August, now, and a wet Monday morning. Summer rain, soft and drenching, streamed down upon Nancherrow. Drifting in from the south-east, low grey clouds obscured the cliffs and the sea, and heavy-leaved trees drooped and dripped. Gutters ran and drain-pipes gurgled, and the weekly wash was postponed for a day. Nobody complained. After a long spell of hot, dry weather, the sweet coolth was welcome. The rain fell with relentless steadiness, and thirsty flowers and fruit and vegetables absorbed the moisture with gratitude, and the air was filled with the incomparable scent of newly damp earth.   
    Loveday, with Tiger at her heels, emerged into the outdoors by way of the scullery, stepped out into the yard, and stopped for a moment to sniff the air and fill her lungs with this sweet invigorating freshness. She wore gumboots and an old raincoat, pulled over her shorts and a striped cotton sweater, but her head was bare, and as she set off in the direction of Lidgey Farm, the rain descended upon her hair, causing the dark locks to curl more tightly than ever.
    She took the road that led towards the stables, but turned off before reaching them, following, instead, the rutted lane that led up onto the moors. Here the ancient lichened stone walls were divided from the lane by a deep ditch, now running with water, and gorse grew in prickly thickets aflame with yellow flowers smelling of almonds. There were foxgloves too, in profusion, and pale-pink mallow, and tangles of wild honeysuckle, all the way up the lane, and the dark granite of rock wore velvety patches of saffron-colored lichen. Beyond the wall were pasture fields, where Mr. Mudge's Guernsey milk cows grazed, the grass a brilliant green between the random whale-shaped crests of hidden boulders, and overhead gulls, flying inland with the weather, wheeled and screamed.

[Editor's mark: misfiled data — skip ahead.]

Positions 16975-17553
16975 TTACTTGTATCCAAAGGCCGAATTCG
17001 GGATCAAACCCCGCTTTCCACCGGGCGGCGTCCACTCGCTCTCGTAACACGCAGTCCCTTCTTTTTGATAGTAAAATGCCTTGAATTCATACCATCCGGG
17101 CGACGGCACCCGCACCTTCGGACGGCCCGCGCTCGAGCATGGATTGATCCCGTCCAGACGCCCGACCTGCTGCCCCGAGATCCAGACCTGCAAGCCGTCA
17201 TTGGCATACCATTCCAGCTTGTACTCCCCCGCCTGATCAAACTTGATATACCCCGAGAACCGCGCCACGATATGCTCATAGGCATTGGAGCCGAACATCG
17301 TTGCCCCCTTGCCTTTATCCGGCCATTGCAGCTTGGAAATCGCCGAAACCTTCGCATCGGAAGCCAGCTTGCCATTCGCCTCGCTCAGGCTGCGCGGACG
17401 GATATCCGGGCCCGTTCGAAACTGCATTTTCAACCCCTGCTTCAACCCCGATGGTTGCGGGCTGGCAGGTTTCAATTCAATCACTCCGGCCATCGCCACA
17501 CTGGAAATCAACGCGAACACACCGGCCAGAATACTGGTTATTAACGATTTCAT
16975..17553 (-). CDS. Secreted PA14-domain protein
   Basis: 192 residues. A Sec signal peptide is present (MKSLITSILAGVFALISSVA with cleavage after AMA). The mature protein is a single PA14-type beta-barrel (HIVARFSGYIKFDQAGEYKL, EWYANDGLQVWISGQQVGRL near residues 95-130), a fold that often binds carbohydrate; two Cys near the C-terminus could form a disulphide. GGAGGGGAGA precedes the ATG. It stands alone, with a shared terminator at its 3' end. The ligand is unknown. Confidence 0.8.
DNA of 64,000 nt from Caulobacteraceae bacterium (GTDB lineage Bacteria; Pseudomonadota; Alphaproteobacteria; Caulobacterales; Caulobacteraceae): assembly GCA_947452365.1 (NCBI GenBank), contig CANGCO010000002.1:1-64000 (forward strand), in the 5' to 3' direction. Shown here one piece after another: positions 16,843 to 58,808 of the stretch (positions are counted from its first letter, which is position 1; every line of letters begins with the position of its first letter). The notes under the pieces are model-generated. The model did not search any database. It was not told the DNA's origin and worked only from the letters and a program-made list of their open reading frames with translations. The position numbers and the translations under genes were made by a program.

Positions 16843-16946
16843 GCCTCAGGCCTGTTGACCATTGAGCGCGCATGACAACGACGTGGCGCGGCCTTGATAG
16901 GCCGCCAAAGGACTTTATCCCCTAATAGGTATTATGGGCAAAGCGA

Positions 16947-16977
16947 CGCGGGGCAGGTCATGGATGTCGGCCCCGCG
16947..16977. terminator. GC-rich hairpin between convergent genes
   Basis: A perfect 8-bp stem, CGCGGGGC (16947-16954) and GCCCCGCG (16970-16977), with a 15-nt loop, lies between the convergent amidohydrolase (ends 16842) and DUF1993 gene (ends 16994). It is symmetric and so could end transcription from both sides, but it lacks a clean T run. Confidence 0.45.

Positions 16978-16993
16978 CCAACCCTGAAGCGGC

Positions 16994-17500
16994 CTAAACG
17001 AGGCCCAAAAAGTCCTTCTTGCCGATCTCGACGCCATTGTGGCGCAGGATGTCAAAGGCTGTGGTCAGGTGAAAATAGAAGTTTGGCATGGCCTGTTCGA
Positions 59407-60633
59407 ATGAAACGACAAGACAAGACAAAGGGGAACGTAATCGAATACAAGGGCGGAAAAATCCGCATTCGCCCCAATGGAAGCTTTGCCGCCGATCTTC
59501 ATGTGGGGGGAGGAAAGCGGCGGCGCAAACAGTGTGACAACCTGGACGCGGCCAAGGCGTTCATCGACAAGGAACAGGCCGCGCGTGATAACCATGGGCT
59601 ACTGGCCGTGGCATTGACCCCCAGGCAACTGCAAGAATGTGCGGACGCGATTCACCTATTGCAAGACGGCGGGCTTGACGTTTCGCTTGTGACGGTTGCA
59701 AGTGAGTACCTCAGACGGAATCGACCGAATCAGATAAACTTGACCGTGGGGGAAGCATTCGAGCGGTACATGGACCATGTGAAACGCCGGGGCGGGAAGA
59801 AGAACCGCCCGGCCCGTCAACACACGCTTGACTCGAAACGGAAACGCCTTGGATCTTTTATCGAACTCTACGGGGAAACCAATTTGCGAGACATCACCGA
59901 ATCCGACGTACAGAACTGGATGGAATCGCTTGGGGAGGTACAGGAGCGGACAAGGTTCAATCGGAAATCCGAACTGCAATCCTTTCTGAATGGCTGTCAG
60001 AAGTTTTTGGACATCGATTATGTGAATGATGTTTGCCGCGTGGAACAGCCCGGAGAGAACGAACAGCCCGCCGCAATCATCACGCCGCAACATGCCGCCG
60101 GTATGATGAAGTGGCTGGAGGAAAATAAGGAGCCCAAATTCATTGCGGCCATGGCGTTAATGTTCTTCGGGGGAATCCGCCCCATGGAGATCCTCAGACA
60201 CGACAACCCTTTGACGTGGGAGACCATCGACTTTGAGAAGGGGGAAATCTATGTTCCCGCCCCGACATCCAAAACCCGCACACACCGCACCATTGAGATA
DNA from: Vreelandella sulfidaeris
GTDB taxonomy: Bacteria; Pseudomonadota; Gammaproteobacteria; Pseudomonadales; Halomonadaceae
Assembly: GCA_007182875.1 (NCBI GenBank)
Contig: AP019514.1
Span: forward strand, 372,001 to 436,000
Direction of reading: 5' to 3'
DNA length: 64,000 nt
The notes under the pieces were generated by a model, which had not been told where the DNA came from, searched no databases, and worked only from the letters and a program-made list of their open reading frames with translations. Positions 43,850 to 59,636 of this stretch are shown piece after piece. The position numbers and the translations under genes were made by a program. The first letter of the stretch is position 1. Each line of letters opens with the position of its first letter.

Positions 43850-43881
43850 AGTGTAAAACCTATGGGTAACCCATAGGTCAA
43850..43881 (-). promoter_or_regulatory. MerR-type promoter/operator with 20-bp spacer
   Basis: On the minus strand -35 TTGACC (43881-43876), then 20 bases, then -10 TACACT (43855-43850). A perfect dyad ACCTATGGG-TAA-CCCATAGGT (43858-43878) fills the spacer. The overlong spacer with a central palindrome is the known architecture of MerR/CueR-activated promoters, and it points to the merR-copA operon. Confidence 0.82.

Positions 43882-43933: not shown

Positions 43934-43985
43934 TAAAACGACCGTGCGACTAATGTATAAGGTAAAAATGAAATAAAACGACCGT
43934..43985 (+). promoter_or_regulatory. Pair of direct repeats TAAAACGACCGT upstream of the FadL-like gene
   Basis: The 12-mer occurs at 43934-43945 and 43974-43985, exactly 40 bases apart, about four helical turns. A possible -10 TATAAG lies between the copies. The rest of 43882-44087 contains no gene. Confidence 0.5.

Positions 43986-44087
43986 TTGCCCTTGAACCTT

How pretty is that! By typing it out I'm attempting to conjure a rain spell, because we haven't had any in over fifty days and last week our temps were over a hundred degrees.

How are you guys? How's your summer? How's it all going out there, anyway?

 

***Mimi just found this picture floating around somewhere in our bookshelf (I have not seen this one in years!), and I realized I forgot to say thank you for all of your incredibly sweet anniversary wishes. Thank you very, very much. We really appreciate them! You are so kind. Thank you. XOXOXO

P.S.: I made my dress from a Style sewing pattern but I can't figure out what number it was. It was really fun to make and is one of my favorite memories from being engaged.

Wedding

76 comments

I love your straw hat in the Birdland post. Can you tell me where you got it?

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About Alicia Paulson

About

My name is Alicia Paulson
and I love to make things. I live with my husband and daughter in Portland, Oregon, and design sewing, embroidery, knitting, and crochet patterns. See more about me at aliciapaulson.com

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Photography

Since August of 2011 I've been using a Canon EOS 60D with an EF 18-200mm kit lens and an EF 100mm f/2.8 Macro lens.